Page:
Learn / What Is Addiction Replacement? Overcoming Substitute Addictions

What Is Addiction Replacement? Overcoming Substitute Addictions

Kayla Gill
 April 15th, 2024|   Clinically Reviewed by 
Rajnandini Rathod

Have you ever craved sugary snacks when you stopped drinking, or turned to video games to escape stress after quitting smoking? That’s addiction replacement, a common phenomenon that involves swapping one addictive behavior for another. Understanding why this happens is a key part of a healing process that can help you get to the root cause of your addiction and point you toward lasting recovery. 

We explore how addiction replacement takes hold, how to tell if you’re forming a substitute addiction, and how you can build new habits that support a healthy lifestyle.

Understanding the Mechanisms of Addiction Replacement

Addiction replacement, or substitute addictions, is a common experience. One study of people in recovery found that one-fifth of participants had developed a new substance use disorder1 within 3 years of getting sober.

So why is it so common to trade one addiction for another?

The Psychological Basis of Addiction Replacement

Quitting an addiction takes more than just willpower. It requires you to undo patterns that have become hard-wired into the way you think and feel. This process can be highly uncomfortable and trigger intense cravings, especially in early recovery (the first year after quitting an addiction). That’s why some people look for other ways to feel good—which may involve replacing one addiction with another.

Here’s why this happens:

  • Brain rewards: Your brain is wired to repeat rewarding behaviors, and certain substances and behaviors trigger a powerful chemical reaction that feels good. The brain wants to repeat these behaviors again and again. When you stop, your brain misses the chemical reaction it’s gotten used to. And to feel better, it looks for another way to achieve a similar feeling, even if it works against your goals.
  • Coping with emotions: Sometimes people use addictions as a coping strategy for stress, anxiety, or trauma. When they stop, those emotions come back. They might use other behaviors to avoid dealing with the problem directly or feeling what they don’t want to feel.
  • Thinking patterns: Our past experiences and beliefs influence our choices in the present. If you believe you need instant gratification or tend to rely on unhealthy coping mechanisms, you might be more likely to develop a substitute addiction.
  • Self-doubt: If you don’t believe you can quit your addiction, you might turn to a substitute out of fear of failing. If that’s the case for you, it’s important to rebuild your confidence and self-belief as part of your healing journey. 

“Our brains are wired to desire and crave and want.”

One person in recovery, Winton Chavez, explains how the brain changes that take place during addiction can easily overwhelm your willpower:2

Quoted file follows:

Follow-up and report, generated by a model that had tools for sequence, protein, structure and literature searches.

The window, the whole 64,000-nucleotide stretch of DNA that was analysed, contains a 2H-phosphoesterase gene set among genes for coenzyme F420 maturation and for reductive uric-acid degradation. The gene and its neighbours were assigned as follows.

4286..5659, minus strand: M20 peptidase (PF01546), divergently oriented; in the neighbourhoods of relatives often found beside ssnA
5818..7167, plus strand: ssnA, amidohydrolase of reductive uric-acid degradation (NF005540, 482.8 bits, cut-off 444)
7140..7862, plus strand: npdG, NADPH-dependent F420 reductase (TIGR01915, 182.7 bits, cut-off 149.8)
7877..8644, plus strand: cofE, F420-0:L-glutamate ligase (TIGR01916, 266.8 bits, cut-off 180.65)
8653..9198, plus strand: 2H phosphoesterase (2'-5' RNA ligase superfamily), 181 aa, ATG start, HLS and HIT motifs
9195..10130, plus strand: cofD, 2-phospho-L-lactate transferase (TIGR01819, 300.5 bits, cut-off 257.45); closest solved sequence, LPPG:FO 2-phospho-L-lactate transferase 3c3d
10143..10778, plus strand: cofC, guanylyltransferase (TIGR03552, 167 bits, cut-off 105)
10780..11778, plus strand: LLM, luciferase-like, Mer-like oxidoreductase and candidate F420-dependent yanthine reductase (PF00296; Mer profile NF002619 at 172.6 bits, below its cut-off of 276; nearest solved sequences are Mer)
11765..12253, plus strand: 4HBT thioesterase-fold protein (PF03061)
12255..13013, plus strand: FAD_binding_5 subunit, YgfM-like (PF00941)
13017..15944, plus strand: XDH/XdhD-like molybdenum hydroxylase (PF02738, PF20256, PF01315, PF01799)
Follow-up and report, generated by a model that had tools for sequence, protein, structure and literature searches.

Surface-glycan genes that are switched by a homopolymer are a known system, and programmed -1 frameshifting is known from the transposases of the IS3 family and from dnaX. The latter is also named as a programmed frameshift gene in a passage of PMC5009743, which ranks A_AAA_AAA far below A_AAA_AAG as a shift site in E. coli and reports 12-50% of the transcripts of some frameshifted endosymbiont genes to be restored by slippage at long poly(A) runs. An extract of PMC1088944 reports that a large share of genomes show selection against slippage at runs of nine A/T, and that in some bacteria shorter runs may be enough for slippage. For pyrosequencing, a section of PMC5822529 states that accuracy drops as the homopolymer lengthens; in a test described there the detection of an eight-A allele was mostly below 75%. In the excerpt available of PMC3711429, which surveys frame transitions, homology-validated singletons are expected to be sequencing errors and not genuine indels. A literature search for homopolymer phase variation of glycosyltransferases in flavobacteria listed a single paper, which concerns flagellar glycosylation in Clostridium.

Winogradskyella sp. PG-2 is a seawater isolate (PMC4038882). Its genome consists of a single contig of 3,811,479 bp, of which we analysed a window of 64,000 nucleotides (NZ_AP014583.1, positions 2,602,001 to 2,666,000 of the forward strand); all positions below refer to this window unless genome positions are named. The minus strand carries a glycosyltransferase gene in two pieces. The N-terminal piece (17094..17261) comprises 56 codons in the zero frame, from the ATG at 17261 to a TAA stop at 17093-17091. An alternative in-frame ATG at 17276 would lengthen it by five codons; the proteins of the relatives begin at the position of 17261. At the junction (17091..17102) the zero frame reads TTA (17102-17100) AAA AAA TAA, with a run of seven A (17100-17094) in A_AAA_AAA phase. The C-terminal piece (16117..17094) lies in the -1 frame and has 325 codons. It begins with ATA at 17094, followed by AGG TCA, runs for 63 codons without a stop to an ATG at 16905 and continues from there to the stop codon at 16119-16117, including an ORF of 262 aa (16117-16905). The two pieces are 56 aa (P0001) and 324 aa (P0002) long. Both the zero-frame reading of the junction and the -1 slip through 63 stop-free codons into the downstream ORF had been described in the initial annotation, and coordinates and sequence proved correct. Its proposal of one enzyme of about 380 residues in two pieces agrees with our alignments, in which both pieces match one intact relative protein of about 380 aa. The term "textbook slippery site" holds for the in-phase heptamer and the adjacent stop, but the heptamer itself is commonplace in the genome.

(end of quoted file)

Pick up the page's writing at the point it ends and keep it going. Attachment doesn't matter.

“Although beneficial and important, willpower alone will not bring you to overcome your addiction…So many factors play a heavy role in avoiding relapse and continuing recovery…Because really, our brains are wired to desire and crave and want. Sex, food, intimacy, comfort—all of these things are easy to engage in because you are designed to want to do them. That’s how you stay alive. And drugs activate those same systems.”

The Role of Neurobiology in Addiction Replacement

Quitting an addiction is tough. Even after stopping, your brain remembers the pleasure it got from the addictive substance or behavior.3 This state of craving is highly uncomfortable, making it tempting to find something else that feels good. 

Science explains how changes in the brain contribute to this.

Addictive processes and substances trigger the release of feel-good chemicals in your brain. This chemical change is far stronger than it would be as a result of natural rewards like food or exercise. And over time, your brain circuits adapt and become less sensitive to the chemicals that create pleasure. As you build tolerance to a substance, you need to take more of it to feel the same effect. Meanwhile, the parts of the brain that control your decision-making are also disrupted. As a result, addiction becomes more of a habit than a conscious choice. And once you’re physically, emotionally, and psychologically dependent on a substance, it can be very hard to let go of. 

All these factors work together to increase discomfort in early recovery, prompting a strong urge to reach out for something to replace what your adapted systems have lost. 

How to Know When You’re Replacing One Addiction With Another

Recognizing addiction replacement involves being mindful of behavioral shifts and identifying patterns that mirror addictive tendencies. Here are some key signs to watch for:

  • Substitute behaviors: Replacing one behavior with another, like turning to excessive eating, shopping, or gaming after quitting a substance
  • Unhealthy coping patterns: Using a substitute behavior to cope with stress, anxiety, or emotional pain 
  • Impact on daily life: The substitute behavior interferes with your daily responsibilities, relationships, or well-being
  • Loss of control: Feeling unable to cut back or stop the substitute behavior
  • Negative consequences: Health issues, strained relationships, or financial problems stemming from the substitute behavior
  • Increased tolerance: Needing more of the substitute behavior to achieve the same satisfaction
  • Emotional shifts: The substitute behavior becomes your main source of pleasure or relief
  • Urge to escape: A constant desire to escape reality or numb emotions through the substitute behavior

The Benefits of Recognizing Addiction Replacement

While it might feel like a failure, there are real benefits to recognizing when a substitute addiction is starting:

  • Early intervention: Catching substitute addictions early on allows for timely intervention. Because the consequences of addiction get worse over time, addressing it early can improve your treatment outcomes.